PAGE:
Biologists have already observed that species use different methods to keep up with changes in climate. These methods broadly involve species shifting their distribution to track suitable climate, and changes in behaviour and genetic make-up to enable them to survive new climate regimes.
In a recently published study, we looked at how changes in global climate have affected the spread of the endemic Cape frog community during two key periods in recent history: the Last Glacial Maximum about 21,000 years ago; and the Holocene Glacial Minimum about 6,000 years ago.
We then projected the distributions forward into two possible future scenarios using two emission scenarios. This allowed us to ask whether the forecasted climates would significantly change the distribution of Cape frogs. By predicting these future distributions, we were able to assess whether these species are likely to move in specific directions, like north or south, or whether their distributions are likely to become fragmented. It also established which particular group of frogs is likely to be more negatively affected.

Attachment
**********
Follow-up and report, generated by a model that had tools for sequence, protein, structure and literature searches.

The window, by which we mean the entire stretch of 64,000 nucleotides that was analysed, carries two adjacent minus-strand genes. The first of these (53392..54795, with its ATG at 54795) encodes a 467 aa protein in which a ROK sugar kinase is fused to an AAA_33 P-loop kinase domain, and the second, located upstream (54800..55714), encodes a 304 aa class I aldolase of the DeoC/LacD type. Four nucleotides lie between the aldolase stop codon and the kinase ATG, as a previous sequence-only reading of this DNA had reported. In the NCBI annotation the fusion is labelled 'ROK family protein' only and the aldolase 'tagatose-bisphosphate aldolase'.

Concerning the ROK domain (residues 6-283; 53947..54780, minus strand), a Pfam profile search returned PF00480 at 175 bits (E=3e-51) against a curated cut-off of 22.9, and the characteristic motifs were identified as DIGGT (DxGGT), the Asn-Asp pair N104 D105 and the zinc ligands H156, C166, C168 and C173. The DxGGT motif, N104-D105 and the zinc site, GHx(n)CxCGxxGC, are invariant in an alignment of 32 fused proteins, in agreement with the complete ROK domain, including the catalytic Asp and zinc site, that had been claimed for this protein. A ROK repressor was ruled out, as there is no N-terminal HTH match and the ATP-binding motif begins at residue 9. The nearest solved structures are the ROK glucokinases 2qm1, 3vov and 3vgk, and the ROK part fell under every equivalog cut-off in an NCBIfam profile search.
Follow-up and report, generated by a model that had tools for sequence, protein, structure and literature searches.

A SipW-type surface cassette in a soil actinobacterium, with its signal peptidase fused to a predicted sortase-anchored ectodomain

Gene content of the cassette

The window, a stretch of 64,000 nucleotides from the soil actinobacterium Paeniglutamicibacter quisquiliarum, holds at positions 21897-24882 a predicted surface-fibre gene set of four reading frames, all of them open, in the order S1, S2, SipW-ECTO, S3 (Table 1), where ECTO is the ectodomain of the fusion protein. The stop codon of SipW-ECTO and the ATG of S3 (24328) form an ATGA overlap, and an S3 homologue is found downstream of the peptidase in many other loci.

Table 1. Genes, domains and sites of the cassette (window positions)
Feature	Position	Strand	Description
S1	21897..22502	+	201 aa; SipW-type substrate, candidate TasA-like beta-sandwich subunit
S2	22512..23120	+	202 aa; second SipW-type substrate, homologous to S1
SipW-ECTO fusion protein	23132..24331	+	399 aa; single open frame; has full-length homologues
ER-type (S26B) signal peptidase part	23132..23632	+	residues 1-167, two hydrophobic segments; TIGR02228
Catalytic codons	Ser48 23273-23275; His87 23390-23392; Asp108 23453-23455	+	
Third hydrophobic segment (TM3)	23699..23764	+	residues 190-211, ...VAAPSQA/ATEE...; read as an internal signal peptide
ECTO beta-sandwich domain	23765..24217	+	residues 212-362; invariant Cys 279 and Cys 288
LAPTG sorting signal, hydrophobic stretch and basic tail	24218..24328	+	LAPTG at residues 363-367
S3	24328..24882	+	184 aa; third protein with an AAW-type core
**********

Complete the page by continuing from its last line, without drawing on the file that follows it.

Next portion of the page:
The results were startling. Our models suggested that the area occupied by Cape frogs today is just a fraction of the area of suitable climate space they would have had available at the Last Glacial Maximum. But comparing the current distribution with that at the Holocene Glacial Minimum provided very little evidence for change. The biggest surprise was the massive loss in suitable climate space between current distributions and future forecast scenarios in 2080.